During the procedure, the surgeon will insert an endoscope into your nose. It is a thin tube with a lens at one end that magnifies the inside of your nose. It allows the surgeon to see the opening of your sinuses and insert small surgical instruments.

The surgeon will then either:

  • Remove any thin bony partitions or tissues such as nasal polyps that are blocking the affected sinus
  • Inflate a tiny balloon in the drainage passages from your sinuses to enlarge them before the balloon is deflated and removed (balloon catheter dilation)

Potential common side effects and risks of this procedure include temporary discomfort and crusting inside the nose, bleeding from the nose and infection. Ensure that you discuss the risks with your surgeon beforehand.

Treatment may still be required following surgery to prevent the return of sinusitis.

Take note that insurers may require patients to provide in-depth evidence to show that surgery is for sinusitis and not for cosmetic surgery (to improve the appearance of your nose).

Home remedies for sinusitis

The following remedies can reduce pain and unblock the sinuses to allow proper drainage:

  • Over-the-counter (OTC) medications
  • Sinus rinse
  • Inhale steam from a pan of warm water (with some drops of essential menthol or eucalyptus oil) to help unblock your sinuses
  • Apply a warm, damp cloth to your face and forehead several times a day to reduce the feeling of pain from sinus pressure
  • Stay hydrated to help thin the mucus
  • Avoid overexerting yourself and rest to help the symptoms pass
  • Use a humidifier in your bedroom to add moisture to the air

What happens if sinusitis is left untreated?

You will experience pain and discomfort until sinusitis clears up.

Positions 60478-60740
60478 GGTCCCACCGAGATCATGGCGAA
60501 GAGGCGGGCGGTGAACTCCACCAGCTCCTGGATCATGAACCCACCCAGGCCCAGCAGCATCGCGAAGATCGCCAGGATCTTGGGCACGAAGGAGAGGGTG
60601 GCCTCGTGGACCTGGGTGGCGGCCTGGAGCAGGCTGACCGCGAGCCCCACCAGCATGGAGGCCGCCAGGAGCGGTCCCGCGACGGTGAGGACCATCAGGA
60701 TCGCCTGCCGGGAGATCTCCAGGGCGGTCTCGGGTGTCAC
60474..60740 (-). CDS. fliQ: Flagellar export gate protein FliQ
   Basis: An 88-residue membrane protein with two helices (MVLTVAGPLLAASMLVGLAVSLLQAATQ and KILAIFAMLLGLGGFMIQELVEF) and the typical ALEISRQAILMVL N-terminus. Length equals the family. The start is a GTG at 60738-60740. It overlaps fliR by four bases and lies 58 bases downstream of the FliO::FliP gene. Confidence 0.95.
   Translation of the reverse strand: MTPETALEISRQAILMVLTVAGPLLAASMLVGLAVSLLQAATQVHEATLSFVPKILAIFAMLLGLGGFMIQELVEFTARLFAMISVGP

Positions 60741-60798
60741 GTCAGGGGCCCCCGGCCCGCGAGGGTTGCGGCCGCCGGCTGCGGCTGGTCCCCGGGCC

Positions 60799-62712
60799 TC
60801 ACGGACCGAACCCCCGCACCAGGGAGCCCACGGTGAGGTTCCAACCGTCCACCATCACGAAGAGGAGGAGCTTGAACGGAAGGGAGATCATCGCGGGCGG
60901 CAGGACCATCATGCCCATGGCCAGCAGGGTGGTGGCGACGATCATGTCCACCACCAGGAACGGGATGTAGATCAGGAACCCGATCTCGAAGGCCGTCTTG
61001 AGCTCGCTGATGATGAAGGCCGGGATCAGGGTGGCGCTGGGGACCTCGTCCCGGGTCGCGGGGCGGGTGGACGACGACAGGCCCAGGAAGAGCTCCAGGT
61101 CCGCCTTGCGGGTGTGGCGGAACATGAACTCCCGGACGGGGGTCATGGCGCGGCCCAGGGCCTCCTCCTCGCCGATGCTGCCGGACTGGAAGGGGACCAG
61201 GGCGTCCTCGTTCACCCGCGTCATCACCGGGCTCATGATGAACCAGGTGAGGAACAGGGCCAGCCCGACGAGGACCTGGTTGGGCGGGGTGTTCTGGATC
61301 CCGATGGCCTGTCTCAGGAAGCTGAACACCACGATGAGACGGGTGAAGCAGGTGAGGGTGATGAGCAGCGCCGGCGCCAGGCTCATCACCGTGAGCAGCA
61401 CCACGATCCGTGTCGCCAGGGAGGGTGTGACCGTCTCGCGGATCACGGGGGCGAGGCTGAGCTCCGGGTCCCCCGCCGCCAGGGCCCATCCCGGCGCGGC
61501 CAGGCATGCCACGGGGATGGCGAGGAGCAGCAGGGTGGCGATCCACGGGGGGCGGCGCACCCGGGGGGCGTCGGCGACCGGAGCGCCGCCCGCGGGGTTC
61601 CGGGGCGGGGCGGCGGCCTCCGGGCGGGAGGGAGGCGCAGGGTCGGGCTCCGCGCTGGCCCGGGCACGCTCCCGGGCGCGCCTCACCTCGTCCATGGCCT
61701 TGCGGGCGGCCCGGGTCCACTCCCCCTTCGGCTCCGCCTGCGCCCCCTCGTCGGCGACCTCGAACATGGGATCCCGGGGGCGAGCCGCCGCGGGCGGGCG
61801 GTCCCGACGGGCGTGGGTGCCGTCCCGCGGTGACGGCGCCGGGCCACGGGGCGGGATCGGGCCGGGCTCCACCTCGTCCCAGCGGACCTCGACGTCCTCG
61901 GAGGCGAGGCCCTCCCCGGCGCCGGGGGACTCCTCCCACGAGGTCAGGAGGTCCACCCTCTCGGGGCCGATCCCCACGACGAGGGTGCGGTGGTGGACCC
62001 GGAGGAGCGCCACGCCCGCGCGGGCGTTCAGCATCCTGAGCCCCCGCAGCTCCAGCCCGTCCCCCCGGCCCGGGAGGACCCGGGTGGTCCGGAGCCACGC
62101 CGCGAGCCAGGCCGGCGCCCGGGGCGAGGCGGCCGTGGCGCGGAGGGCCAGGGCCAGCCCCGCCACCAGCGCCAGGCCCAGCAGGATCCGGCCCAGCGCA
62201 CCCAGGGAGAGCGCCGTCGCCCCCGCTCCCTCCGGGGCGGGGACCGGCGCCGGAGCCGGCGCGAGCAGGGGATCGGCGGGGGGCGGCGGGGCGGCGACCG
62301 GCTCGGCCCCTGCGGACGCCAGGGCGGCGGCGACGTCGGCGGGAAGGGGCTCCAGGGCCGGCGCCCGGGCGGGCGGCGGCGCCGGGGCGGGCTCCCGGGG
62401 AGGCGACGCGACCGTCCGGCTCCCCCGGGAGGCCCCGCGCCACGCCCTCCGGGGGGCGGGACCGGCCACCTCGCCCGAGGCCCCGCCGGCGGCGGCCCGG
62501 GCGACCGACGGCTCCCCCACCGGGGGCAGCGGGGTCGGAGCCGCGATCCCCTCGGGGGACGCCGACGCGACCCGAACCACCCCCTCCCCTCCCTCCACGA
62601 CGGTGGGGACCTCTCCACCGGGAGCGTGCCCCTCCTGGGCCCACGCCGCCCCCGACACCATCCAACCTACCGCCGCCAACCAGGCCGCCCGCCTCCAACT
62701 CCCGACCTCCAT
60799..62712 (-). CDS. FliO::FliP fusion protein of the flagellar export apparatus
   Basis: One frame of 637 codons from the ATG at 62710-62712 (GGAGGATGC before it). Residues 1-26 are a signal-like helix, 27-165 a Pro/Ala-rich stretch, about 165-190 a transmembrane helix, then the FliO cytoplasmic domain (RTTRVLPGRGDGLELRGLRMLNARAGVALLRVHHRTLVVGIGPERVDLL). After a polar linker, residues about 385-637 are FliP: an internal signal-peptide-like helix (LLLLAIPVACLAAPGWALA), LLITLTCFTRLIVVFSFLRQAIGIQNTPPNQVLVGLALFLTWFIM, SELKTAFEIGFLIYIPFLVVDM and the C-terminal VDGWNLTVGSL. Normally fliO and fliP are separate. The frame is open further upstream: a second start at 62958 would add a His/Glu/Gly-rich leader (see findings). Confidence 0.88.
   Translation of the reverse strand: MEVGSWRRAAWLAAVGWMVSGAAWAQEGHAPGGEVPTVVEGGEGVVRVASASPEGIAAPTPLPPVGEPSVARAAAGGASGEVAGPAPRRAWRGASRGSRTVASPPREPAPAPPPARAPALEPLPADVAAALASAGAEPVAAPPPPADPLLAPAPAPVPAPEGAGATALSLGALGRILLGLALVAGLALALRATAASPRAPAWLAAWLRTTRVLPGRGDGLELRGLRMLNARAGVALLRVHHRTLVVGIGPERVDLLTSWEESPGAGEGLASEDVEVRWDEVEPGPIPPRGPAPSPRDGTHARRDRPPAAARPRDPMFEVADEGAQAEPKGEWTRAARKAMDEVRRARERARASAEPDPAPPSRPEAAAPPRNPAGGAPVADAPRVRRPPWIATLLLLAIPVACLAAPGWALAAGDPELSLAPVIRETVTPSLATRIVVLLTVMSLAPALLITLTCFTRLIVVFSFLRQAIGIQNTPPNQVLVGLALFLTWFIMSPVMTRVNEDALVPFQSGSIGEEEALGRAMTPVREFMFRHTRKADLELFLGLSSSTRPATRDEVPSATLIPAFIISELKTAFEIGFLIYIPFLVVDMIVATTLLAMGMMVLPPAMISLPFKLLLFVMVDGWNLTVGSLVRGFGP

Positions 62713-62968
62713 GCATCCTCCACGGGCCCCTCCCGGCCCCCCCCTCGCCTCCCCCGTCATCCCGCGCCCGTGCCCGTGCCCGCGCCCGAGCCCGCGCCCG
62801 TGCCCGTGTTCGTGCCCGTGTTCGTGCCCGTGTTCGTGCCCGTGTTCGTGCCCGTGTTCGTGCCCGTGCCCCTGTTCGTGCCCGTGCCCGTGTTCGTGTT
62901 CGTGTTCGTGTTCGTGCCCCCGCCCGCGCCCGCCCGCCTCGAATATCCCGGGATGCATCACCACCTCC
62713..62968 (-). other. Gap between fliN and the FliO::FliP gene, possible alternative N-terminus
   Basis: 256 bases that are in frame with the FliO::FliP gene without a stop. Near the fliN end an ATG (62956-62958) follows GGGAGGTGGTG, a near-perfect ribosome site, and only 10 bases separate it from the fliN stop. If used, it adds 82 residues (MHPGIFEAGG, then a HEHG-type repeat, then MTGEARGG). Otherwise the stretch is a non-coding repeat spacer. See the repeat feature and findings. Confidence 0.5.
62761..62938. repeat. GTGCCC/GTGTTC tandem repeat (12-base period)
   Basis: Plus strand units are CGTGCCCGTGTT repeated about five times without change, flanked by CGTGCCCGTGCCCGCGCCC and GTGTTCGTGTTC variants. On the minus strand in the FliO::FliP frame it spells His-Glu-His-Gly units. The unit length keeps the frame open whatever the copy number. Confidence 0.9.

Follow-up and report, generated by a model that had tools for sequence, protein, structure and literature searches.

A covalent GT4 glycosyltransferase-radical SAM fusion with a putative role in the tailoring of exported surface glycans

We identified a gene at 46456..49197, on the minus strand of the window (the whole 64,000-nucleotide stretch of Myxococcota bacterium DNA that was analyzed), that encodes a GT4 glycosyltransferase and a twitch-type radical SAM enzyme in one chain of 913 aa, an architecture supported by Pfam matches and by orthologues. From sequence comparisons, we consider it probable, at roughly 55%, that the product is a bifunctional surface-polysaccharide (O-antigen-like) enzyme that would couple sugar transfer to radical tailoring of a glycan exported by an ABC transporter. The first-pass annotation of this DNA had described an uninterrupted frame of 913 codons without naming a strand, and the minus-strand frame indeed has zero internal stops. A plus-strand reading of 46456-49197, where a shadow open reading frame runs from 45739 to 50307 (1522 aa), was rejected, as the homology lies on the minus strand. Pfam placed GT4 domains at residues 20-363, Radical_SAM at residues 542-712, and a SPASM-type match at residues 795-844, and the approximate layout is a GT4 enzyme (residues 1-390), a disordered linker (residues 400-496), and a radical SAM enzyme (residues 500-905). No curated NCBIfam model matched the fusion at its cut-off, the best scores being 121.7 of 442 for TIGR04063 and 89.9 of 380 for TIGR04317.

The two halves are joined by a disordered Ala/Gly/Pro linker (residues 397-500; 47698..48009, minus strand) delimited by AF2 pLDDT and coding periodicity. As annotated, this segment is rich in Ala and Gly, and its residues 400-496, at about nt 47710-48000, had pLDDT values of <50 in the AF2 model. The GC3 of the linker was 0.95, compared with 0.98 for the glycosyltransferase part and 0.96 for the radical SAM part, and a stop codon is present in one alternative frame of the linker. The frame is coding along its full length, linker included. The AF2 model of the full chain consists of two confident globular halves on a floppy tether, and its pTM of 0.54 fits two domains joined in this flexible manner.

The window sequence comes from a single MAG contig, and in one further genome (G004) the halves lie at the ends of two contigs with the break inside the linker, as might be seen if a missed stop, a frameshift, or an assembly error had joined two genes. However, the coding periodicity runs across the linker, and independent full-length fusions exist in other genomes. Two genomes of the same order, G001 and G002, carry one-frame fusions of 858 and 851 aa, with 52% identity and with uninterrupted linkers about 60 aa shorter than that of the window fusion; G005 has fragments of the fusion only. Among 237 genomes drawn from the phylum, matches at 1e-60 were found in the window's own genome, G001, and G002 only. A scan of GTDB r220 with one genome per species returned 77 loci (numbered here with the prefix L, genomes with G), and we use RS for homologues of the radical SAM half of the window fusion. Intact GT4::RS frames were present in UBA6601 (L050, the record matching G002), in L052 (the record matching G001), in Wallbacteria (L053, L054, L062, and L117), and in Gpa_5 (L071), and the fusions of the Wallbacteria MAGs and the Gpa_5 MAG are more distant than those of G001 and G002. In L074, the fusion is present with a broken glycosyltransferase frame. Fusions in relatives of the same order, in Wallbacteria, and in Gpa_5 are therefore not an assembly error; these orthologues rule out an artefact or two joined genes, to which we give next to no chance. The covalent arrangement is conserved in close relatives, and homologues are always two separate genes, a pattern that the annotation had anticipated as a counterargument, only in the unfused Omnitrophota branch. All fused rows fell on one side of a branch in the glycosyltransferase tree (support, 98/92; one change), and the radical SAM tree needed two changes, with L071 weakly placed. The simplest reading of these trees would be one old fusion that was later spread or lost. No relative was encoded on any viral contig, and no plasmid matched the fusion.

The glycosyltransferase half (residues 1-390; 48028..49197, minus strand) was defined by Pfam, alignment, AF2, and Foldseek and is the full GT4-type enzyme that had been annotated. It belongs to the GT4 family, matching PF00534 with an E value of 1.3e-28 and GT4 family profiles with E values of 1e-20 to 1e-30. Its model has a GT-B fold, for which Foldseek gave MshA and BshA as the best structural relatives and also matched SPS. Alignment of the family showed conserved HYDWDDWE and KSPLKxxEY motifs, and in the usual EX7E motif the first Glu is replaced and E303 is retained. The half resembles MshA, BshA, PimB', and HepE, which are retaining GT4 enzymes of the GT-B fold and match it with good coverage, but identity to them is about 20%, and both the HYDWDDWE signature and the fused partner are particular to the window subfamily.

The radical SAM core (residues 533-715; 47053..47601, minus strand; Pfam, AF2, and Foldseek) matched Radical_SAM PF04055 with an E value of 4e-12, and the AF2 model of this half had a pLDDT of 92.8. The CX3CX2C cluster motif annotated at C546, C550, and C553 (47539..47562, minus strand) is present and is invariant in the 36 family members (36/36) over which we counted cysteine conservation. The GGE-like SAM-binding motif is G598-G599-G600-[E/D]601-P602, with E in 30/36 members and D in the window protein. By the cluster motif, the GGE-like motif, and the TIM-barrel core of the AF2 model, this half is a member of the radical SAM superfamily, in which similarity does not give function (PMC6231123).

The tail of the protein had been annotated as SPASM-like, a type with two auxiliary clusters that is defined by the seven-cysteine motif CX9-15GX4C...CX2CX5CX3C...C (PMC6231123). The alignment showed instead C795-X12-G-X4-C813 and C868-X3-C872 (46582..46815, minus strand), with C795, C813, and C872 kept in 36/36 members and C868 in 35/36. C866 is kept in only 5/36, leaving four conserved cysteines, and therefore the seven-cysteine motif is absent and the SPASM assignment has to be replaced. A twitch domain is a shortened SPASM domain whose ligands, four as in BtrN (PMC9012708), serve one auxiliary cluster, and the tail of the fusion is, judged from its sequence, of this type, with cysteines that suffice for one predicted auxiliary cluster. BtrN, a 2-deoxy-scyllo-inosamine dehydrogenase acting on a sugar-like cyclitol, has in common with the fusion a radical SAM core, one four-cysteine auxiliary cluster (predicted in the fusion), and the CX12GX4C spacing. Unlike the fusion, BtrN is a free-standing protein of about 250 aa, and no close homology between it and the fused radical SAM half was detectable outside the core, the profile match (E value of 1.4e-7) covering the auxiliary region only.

Although rare, a sinus infection may lead to serious complications such as:

  • Vision problems: if your sinus infection spreads to your eye socket, it can cause reduced vision or blindness that can be permanent
  • Meningitis: a life threatening infection that can cause brain and spinal cord damage
  • Osteomyelitis: a bone infection
  • Orbital cellulitis: an infection of the tissue surrounding the eyes

Sinus infections in children (for parents)

It is common for children to have allergies and be prone to infections in the nose and ears.


Particularly for children, things that can cause sinusitis include:

  • Cold or allergy symptoms that don’t improve within 14 days
  • High fever (above 39 degree celsius)
  • Thick, coloured mucus coming from the nose
  • Post-nasal drip which can cause bad breath, coughing, nausea or vomiting
  • Headaches
  • Earaches


Particularly for children, things that can cause sinusitis include:

  • Allergies
  • Illnesses from other children at daycare or school
  • Pacifiers
  • Bottle drinking while lying on the back
  • Secondhand smoke


See your child’s doctor to determine the best course of treatment for your child.

In general, be careful when giving over-the-counter (OTC) medicines to children. Don’t give OTC cough or cold medicines or decongestants to your children if they’re under 2 years of age.

Most children will fully recover from a sinus infection without antibiotics. Antibiotics are only used for severe cases of sinusitis or in children who have other complications because of sinusitis.

If your child doesn’t respond to treatments or develops chronic sinusitis, your doctor might recommend that they see an ear, nose and throat (ENT) specialist.

An ENT specialist will examine the sinuses more closely and look for any problems in the structure of the nasal passages that could be causing the sinus infection.

Surgery should always be the last resort on sinusitis in children, and obtaining a second opinion is recommended before proceeding.

Can sinusitis be prevented?

There is no guaranteed way to prevent sinusitis. However, to reduce your risk, you should:

  • Eat plenty of fruits and vegetables, which are rich in antioxidants and other chemicals, to boost your immune system and help your body resist infections
  • Practice good hand hygiene (wash your hands frequently with soap and water, especially before meals) and try not to touch your face
  • Avoid smoking and inhaling secondhand smoke: tobacco smoke can irritate and inflame your lungs and nasal passages
  • Keep your vaccinations up to date
  • Stay away from people with colds and other respiratory infections
  • Use a humidifier to moisten the air at home
  • Maintain your air conditioning units regularly in order to prevent mold and dust from collecting
  • Manage your allergies: work with your doctor to keep your symptoms under control and avoid exposure to things you’re allergic to whenever possible